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EMEA Reporter: New Pedagogies in Our Connected World

by Nic Laycock

July 3, 2013

News

by Nic Laycock

July 3, 2013

“For the workplace learning community, and the enterprise leaders who fund it there is a stark warning— change is not an option if we are to foster knowledge and skill development. The issue is ‘How fast and how far are we able to change our methodologies to align ourselves with a new workforce that understands learning in a new way?’”

“The future you imagine is probably here now!” So says Steve Wheeler, learning futurist. Steve is Associate Professor at the UK’s Plymouth University, one of Britain’s largest, where online learning is not a fashion—it is a way of life. “New pedagogies are needed to align with the reality that our future visions are rapidly becoming our present” asserts Steve. “Our old ways of thinking will only make the brokenness of education and learning worse. We have to change, and change fast.”

Steve Wheeler is not quite everyone’s image of a university professor or of a leading thinker and globally known keynote speaker on the topics of learning theory and the impact of technology on learning. His usual tee-shirt and jeans, a disarmingly engaging big personality, and charisma contrast with his deeply thoughtful intellect, vision, and a vast energy for fostering networks to create new ideas. The combination makes Steve one of the most respected figures in modern learning.

New paradigms, new pedagogy

A prolific blogger and one of the best-known Twitterati (Twitter handle: @timbuckteeth), Steve has huge passion for learning being about connections and networks to encourage and enable discovery. He does not talk about "the generations," preferring instead to discuss a new paradigm of the 21st century worker—living in a connected society, keen to create and develop connections with people we care about. He says, “The perceptions that lead us to talk about a generational divide are wrong—it is a contextual issue.”

So what is the new pedagogy that Steve has come to understand through his research at Plymouth? “It is about kids creating for themselves. It is no longer about teachers passing on knowledge and controlling classes. It is about facilitating a mindset and lifestyle that is the reality of the modern child entering education.”

"The implications are massive," says Steve. Like many futurists and learning theoreticians he believes hierarchies are dying. “We have exhausted and moved on from taxonomies. The bottom-up folksonomy has been explored, and we are now entering the rhizonomy, the un-organization (of which MOOCs are an example), chaotic, non-rule-based learning that happens regardless of organization.”

Listen to Steve explaining his background and thinking. You will soon get the idea.

What does it mean then for us in facilitating learning? Anyone who, like me, has had the privilege of experiencing the schools afternoon at the annual PELeCON (Plymouth Enhanced Learning Conference) will come away awed and inspired by the results of what Steve describes as the "nodes of production" that exist in schools working with his ideas around Plymouth. The results are truly mind-bending! Essentially, it means working with communities of learners, with a clear intended learning outcome, to assist members in creating an environment of exploration, sharing, and excitement in discovering knowledge. Gone are the traditional emphases on curriculum, marking, and reporting, replaced by teachers stretching their creativity to free their young charges to undertake their own learning journeys. In comes a necessity to stimulate learning through advanced technologies, awakening and fostering that entrepreneurial curiosity that is essential to learning.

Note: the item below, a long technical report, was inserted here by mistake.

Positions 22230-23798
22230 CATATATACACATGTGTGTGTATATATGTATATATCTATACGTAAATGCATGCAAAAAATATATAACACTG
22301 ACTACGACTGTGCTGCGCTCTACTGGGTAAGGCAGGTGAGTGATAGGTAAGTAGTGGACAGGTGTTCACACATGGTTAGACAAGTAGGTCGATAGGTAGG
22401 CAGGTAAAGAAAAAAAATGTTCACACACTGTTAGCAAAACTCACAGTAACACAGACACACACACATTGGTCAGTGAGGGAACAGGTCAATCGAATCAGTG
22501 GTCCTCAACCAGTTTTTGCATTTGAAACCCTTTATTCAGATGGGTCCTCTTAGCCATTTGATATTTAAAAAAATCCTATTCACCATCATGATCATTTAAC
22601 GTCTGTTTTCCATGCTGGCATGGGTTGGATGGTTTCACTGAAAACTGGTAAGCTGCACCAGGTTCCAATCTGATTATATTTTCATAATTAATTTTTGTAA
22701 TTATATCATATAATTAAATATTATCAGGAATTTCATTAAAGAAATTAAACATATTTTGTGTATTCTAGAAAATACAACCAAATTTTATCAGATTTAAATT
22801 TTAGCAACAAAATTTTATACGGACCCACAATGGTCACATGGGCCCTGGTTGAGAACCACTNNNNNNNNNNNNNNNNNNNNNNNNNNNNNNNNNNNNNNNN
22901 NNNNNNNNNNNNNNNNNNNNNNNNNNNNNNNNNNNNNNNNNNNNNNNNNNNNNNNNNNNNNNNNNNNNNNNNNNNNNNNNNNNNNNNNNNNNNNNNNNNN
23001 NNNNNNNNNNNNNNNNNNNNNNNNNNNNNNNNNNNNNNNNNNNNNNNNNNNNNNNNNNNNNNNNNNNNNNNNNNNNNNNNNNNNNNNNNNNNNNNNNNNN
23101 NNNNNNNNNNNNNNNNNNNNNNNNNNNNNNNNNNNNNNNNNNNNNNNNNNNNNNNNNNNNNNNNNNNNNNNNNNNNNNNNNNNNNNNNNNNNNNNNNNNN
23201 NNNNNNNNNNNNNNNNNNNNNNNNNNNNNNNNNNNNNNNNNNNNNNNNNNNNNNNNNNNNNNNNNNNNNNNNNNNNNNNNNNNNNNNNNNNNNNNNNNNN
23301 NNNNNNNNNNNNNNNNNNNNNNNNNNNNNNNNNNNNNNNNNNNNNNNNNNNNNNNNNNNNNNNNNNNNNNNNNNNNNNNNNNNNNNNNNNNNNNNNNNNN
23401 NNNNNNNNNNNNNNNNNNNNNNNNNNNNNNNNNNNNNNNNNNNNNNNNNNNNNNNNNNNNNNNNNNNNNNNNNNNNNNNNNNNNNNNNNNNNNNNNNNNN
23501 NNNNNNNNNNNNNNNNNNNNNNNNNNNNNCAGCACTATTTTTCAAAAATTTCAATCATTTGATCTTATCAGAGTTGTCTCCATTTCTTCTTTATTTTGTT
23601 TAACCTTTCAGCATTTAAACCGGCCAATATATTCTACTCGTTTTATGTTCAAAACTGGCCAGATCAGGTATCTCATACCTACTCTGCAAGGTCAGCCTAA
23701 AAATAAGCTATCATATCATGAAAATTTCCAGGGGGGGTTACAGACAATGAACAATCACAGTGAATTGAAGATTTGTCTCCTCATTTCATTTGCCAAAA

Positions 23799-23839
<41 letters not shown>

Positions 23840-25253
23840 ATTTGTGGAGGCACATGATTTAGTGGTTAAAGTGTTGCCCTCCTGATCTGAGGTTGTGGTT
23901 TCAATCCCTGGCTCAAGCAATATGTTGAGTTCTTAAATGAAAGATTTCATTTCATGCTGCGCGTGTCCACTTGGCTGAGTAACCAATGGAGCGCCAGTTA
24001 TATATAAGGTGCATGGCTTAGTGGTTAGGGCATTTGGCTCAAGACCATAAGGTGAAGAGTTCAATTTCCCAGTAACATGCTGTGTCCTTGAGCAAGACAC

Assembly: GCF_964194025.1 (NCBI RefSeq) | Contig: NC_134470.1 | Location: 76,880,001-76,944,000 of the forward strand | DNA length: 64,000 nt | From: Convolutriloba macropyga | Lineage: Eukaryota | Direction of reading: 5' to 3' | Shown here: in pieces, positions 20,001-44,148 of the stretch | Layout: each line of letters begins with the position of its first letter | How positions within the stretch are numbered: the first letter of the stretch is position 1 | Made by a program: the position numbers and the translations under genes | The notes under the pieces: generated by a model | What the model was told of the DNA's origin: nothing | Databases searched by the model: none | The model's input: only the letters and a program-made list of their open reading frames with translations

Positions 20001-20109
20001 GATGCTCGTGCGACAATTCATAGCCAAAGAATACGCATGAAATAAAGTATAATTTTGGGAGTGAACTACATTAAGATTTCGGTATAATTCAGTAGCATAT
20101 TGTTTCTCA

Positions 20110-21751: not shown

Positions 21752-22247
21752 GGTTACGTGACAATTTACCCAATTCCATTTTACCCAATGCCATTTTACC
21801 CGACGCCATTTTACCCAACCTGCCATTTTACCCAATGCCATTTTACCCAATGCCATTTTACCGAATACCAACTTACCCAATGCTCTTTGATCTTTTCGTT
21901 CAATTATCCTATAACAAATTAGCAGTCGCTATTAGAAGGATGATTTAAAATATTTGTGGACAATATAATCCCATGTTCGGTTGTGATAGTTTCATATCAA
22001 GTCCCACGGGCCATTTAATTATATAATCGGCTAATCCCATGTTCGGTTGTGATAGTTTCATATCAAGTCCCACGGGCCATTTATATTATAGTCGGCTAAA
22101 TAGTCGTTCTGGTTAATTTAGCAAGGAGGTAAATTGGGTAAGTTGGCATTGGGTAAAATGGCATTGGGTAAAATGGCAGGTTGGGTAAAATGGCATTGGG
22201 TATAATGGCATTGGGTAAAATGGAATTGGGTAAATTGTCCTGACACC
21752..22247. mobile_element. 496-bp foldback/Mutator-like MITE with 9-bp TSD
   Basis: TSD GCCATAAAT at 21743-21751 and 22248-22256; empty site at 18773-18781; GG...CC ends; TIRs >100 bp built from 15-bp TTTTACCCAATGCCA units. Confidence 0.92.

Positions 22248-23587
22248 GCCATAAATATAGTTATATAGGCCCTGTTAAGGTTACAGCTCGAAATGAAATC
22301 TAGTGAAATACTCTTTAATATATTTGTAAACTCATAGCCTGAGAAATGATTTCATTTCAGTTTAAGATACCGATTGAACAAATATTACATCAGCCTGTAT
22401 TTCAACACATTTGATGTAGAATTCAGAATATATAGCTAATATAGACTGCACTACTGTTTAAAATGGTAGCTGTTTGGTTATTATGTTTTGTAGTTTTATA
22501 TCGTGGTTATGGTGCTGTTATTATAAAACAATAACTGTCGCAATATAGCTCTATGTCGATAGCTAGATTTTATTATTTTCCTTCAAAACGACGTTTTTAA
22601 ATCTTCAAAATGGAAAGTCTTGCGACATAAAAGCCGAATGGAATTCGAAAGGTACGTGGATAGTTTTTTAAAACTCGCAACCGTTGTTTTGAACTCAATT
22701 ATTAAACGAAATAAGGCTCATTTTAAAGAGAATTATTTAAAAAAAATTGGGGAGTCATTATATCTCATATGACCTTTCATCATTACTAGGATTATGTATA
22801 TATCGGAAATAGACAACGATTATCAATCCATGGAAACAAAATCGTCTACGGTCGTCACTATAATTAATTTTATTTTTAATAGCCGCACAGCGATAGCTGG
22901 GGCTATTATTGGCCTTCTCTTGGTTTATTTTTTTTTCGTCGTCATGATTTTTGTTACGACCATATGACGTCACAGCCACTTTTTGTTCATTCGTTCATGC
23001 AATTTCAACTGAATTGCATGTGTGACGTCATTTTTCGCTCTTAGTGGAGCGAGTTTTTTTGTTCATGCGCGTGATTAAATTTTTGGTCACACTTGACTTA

Of course there has to be assessment of progress, but methodologies need to change, taking advantage of the connectedness of the learner’s world. Peer feedback becomes critically important (compare this with my piece in April of this year about Nigel Paine’s insight).

How fast, how far?

The conclusion is the same. Designing learning is not the way forward. The workplace learning community has to morph (fast) to ensure an environment exists that will foster habits, practices, and the learning imperatives of a generation now beginning to enter the workforce. We have to become experts in the technologies available to learning, conversant with the rapidly changing understanding of relevant pedagogies, and able to fit that understanding to the needs for information and skill of employees as they seek to learn at their workplace. Succeed, and our lives become exciting and easier, breaking the stranglehold of course and content delivery, freeing us instead to be helpers alongside our customers’ journeys to optimum performance.

What is happening around Steve and at Plymouth is not unique. The Wheeler model is not the only one. There are many insights and experiments happening around the planet. For the workplace learning community, and the enterprise leaders who fund it, there is a stark warning—change is not an option if we are to foster knowledge and skill development. The issue is “How fast and how far are we able to change our methodologies to align ourselves with a new workforce that understands learning in a new way?” The rhizonomy is a threat, but also an amazing opportunity to foster true performance improvement.

Steve Wheeler is best contacted on Twitter as @timbuckteeth.


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